Octopath Traveler was a game that took me by surprise with how much I enjoyed it. Initially, I wasn't interested in the game due to it resembling Bravely Default and because I got filtered by both Bravely Default & Octopath Traveler's demos when those were released. In retrospect, I went into them hoping for and expecting them to be games that I could play and keep my brain turned off. Before & during my playthrough of the first Octopath Traveler I realized I was a total idiot. When I finally gave the game a proper chance, I found the strategy required in taking down bosses and enemies to be one of the best parts of the game. Octopath Traveler II keeps everything good about the first game and improves upon its shortcomings to deliver a fantastic RPG that is sure to become a classic in due time.
The gameplay is mostly the same with all of the primary jobs from the first game coming back. Even the new secondary jobs share some similarities to the ones in the previous game. However, they added one new mechanic and it is one that can become a game-changer in tough situations, Latent Powers. Each traveler has a unique one with different benefits. A few examples would be, Partitio's latent power that allows him to have max BP, Agnea's which allows her single attack moves to attack all enemies, or Hikari's & Ochette's which give them access to special attacks. I can't count the number of times this mechanic saved me from what would otherwise have been a game over had it not been added. There are also EX skills that grant you access to more powerful abilities but I didn't use them as much as I probably could have. They may not have been vital additions to the game, but they are welcome ones that make the game a little bit easier and each character more unique.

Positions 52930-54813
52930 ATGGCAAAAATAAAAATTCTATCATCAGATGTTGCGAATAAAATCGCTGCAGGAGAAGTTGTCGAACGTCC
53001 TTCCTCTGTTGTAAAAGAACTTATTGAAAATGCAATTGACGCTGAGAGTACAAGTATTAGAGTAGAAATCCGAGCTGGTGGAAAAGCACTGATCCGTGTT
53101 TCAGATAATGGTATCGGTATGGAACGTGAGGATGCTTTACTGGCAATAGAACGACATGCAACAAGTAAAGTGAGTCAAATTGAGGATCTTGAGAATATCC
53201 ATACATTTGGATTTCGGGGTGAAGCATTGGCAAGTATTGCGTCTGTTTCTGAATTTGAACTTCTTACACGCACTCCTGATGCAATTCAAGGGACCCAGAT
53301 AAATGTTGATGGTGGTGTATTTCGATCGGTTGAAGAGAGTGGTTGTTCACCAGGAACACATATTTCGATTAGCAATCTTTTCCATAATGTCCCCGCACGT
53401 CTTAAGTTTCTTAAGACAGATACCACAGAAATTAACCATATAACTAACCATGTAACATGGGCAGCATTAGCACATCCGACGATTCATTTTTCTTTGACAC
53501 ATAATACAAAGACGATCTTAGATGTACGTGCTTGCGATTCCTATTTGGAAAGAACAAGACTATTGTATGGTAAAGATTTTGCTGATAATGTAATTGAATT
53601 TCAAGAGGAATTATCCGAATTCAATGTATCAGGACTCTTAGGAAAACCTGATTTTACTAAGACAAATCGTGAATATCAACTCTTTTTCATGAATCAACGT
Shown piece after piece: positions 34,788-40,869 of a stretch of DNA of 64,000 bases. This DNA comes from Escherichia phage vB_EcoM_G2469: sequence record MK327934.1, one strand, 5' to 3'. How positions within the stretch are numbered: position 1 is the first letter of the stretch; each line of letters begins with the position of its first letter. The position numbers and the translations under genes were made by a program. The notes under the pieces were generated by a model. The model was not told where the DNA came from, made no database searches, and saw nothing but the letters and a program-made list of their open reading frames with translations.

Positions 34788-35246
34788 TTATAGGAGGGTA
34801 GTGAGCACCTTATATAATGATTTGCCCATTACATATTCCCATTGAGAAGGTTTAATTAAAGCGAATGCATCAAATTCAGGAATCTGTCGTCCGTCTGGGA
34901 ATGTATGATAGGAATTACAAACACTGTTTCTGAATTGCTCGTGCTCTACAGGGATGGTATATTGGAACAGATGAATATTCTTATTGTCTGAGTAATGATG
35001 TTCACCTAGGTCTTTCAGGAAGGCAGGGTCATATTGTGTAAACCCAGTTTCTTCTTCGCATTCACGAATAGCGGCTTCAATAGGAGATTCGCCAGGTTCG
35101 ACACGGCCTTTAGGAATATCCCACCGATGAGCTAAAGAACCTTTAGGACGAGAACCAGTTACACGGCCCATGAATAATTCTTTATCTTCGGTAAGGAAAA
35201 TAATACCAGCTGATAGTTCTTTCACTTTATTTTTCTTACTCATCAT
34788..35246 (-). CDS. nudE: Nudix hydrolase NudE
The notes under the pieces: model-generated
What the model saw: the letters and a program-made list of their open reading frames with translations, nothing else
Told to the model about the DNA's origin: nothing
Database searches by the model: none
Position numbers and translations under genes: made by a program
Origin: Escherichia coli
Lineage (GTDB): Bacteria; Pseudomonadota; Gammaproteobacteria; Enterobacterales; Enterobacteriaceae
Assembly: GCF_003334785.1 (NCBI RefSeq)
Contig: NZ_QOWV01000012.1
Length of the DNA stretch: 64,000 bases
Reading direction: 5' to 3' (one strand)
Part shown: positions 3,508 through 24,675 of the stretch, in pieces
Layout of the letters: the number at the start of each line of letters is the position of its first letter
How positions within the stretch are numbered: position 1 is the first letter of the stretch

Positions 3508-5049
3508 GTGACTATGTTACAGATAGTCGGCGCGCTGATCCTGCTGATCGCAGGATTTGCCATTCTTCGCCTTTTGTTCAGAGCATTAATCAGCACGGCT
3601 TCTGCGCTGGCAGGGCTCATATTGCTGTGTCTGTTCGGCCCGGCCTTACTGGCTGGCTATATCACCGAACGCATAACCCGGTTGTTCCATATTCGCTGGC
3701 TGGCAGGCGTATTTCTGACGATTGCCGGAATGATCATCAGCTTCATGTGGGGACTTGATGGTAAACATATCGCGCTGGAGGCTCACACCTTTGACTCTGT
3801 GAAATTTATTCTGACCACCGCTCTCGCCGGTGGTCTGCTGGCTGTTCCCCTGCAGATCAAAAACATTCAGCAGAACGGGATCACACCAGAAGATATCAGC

The biggest issues with the first game were the story and the 8 travelers you play as barely interact with each other. While there were a couple of travelers from the first game whose stories I ended up enjoying more, in most cases the stories were more interesting and an improvement over the first one. The pacing for each story was better too. Some chapters are split into two parts that give the game a little more breathing room to flesh out the story a little more compared to everyone in the first game where they only had 4 chapters. They fixed my biggest gripe with the first game's story and that was the lack of connection between each traveler's quest. The final chapter unites all of the characters together in order to save the world and also adds some lore that pieces some events in their respective stories together.

The travelers interact with each other a lot more and in a handful of others ways than they did in the first game. There is the banter dialogue which is a lot easier to find than it was in the first game (I didn't even know it existed in Octopath 1 till the end of the game), the crossed paths chapters that involve two of the travelers going on an adventure together, and the final chapter that unites them all. Seeing all your party members interact with each other might seem like a small, unimportant oversight, but it comes a long way in enhancing the experience.